Rep. Rosa DeLauro (D-Conn.) criticized the Trump administration’s response to the hurricane crisis in Puerto Rico in an event hosted by the Georgetown Institute of Politics and Public Service.

Rep. Rosa DeLauro (D-Conn.) condemned the Trump administration’s response to the post-hurricane crisis in Puerto Rico in a question-and-answer session hosted by the Georgetown Institute of Politics and Public Service on Wednesday.

DeLauro questioned the White House’s delay in sending relief efforts to Puerto Rico and encouraged attendees to bring attention to the issue to spur action.

“These are American citizens,” DeLauro said. “Why did it take so long to visit Puerto Rico? Why did it take so long to waive the Jones Act? We ought to be standing up and screaming from the rafters. That is the only way that we will turn things around.”

The Jones Act limits shipping to U.S. ports to exclusively American-made ships staffed by American crews, preventing foreign aid from reaching Puerto Rico in the immediate aftermath of Hurricane Maria.

DeLauro, who has served in the House of Representatives since 1991, also discussed the U.S. social safety net, the subject of her 2017 book, “The Least Among Us: Waging Battle for the Vulnerable.”

She said the social safety net is more than a series of programs — Medicare, food stamps, unemployment insurance and minimum wage, among others — as it also reflects American society and values.

“For me it is not just a collection of programs. But rather, it is a reflection of the values of our country,” DeLauro said. “It is about our responsibility — a social responsibility — but a moral responsibility to one another, and that’s particularly in times of need,”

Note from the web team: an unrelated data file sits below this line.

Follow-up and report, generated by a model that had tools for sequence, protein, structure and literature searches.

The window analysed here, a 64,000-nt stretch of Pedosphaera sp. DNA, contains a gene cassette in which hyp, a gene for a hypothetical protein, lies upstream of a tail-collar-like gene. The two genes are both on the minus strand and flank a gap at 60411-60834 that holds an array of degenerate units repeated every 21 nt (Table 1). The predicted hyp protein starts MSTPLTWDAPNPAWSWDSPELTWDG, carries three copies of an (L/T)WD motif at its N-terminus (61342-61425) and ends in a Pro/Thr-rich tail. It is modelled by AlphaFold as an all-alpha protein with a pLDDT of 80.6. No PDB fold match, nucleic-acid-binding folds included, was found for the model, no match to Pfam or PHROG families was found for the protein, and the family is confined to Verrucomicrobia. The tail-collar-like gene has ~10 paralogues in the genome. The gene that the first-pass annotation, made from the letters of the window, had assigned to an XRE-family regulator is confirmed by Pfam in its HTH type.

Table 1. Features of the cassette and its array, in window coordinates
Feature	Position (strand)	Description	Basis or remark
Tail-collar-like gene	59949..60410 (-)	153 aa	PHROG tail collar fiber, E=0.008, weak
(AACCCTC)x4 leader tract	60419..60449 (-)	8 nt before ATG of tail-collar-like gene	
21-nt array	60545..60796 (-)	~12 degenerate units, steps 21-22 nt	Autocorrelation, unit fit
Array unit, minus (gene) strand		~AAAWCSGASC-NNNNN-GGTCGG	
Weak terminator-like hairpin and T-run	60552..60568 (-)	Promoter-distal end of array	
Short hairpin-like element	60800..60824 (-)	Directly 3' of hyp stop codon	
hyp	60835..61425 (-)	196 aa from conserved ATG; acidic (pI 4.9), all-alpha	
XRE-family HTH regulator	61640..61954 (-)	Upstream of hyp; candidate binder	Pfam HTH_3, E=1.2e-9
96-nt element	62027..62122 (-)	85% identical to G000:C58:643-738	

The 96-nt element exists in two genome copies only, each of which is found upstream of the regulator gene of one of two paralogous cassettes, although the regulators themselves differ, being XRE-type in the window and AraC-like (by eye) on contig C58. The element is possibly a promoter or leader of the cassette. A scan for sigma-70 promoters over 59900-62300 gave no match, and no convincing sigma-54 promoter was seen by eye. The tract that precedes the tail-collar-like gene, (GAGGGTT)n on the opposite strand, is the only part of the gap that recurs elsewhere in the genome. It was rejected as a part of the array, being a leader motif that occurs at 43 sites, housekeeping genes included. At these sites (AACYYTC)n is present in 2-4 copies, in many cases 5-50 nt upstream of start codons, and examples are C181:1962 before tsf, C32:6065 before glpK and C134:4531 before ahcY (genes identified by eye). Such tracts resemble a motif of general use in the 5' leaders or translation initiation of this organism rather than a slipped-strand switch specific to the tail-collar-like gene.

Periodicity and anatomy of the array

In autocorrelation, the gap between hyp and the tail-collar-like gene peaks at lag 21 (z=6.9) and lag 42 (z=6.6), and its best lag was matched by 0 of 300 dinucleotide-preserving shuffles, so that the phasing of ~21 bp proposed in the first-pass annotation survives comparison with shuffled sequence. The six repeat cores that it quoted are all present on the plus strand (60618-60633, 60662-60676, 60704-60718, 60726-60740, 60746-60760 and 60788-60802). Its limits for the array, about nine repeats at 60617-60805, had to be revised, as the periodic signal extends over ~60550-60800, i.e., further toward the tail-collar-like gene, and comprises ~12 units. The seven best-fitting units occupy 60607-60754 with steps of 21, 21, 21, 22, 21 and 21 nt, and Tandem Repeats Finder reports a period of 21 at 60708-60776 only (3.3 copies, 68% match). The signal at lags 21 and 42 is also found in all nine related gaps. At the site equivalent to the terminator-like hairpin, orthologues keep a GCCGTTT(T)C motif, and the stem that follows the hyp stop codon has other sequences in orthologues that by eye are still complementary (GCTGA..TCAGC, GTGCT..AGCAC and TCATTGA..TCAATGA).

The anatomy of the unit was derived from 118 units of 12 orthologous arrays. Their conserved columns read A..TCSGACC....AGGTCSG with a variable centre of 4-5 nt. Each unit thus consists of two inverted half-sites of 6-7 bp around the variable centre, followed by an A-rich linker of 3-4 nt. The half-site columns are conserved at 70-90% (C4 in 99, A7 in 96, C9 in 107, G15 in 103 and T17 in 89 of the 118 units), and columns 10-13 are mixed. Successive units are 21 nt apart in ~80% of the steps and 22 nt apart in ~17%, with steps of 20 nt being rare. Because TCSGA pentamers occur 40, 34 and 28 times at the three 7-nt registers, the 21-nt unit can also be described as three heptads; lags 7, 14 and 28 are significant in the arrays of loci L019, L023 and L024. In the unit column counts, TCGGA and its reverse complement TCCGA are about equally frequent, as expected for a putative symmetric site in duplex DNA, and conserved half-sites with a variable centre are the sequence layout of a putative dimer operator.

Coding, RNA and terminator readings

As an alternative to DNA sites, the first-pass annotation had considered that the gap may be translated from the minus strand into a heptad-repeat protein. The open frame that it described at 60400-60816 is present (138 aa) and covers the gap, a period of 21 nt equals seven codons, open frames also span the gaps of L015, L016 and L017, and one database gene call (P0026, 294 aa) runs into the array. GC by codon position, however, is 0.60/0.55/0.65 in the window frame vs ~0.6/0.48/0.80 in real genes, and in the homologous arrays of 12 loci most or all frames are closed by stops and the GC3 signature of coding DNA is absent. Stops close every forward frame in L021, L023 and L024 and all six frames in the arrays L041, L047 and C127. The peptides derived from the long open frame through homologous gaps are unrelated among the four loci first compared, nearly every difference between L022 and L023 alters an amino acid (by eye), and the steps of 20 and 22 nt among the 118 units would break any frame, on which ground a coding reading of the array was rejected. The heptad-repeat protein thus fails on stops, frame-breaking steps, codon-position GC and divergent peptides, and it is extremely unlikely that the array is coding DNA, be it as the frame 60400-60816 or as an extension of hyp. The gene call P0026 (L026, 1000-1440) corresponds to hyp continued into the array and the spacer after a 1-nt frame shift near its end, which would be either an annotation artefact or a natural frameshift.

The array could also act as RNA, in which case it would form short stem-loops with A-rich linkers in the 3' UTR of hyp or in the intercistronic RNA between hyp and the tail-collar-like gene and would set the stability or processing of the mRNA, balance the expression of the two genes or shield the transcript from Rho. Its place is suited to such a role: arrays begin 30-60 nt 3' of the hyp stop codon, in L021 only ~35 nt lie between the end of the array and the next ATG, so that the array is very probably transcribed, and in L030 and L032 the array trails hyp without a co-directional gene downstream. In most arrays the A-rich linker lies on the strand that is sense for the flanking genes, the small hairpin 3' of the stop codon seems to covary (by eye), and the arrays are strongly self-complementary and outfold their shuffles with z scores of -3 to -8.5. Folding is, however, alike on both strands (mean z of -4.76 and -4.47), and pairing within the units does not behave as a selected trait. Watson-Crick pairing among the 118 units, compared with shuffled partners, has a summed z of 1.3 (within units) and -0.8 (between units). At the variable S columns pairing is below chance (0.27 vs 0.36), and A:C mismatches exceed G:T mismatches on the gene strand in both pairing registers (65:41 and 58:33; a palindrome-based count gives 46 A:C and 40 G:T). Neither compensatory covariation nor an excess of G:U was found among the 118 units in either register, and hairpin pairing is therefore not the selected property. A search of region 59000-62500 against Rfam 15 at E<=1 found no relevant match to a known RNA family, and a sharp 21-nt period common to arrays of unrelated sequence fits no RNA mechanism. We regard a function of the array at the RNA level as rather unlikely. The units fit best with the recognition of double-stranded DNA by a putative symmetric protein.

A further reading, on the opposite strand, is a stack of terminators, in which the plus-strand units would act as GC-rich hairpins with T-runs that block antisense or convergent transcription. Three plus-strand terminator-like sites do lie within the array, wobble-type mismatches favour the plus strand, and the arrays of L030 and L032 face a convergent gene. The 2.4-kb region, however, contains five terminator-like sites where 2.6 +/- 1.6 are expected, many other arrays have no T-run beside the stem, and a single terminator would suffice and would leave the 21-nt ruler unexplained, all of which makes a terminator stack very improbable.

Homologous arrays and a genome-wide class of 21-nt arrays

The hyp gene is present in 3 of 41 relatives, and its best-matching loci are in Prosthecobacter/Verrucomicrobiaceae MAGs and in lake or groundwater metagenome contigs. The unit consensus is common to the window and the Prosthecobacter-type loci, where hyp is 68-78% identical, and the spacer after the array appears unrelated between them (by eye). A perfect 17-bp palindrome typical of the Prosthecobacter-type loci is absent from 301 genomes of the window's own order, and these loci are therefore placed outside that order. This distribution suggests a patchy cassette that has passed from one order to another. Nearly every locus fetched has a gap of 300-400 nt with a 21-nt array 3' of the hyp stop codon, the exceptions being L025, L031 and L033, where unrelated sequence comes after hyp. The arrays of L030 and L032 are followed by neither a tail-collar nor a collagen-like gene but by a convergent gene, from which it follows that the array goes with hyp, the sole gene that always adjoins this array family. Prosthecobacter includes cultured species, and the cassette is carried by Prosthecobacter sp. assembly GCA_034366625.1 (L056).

DeLauro said the current administration and Republican Congressional leadership are intrinsically hostile to the idea of a social safety net, preferring a system that would rely on private institutions instead.

“The atmosphere in the House now is not conducive because of the fundamental view that the government should not be playing a role in people’s lives and being there as a safety net,” DeLauro said. “The belief is that nonprofits should take care of it and religious organizations should take care of it, and that we should jettison the government’s role in these things.”

She said the ideological shift against social programs has been discernible since 1994, with Republican leaders in Congress like former House
Speaker Newt Gingrich (R-Ga.) and current Speaker Paul Ryan (R-Wis.) seeking to shift the burden of programs like Medicaid to the states.

DeLauro also noted that her Republican colleagues have not made concerted efforts to repeal the program altogether.

DeLauro reflected on the influence of her parents’ service in the city council of New Haven, Conn., on her views on social security and the role of government in improving community living standards. She recalled that representatives would reach out and listen to the community and address their needs.

“They didn’t write a healthcare bill. They didn’t write a crime bill or a transportation bill,” DeLauro said. “What they did was to minister to their community if they needed help with social security, immigration, or getting their son or daughter a job.”

DeLauro said that these lessons have been at the core of her service in the House of Representatives.

“Whatever it was that helped people make their way through the system, that’s what they made real in our community. And I took those lessons to the House of Representatives,” DeLauro said.

Though she acknowledged that many challenges lie ahead for the social security net, she encouraged the audience to mobilize and advocate for these social programs while reaffirming her commitment to a battle she has fought for more than two decades.

“You don’t make progress by standing on the sidelines, whimpering and complaining. You make progress by implementing ideas,” DeLauro said. “This is what I have worked to defend for 25 years. A vision for America that I want to expand so that all Americans can support each other in difficult times and share in prosperity.”

Leave a Reply

Your email address will not be published. Required fields are marked *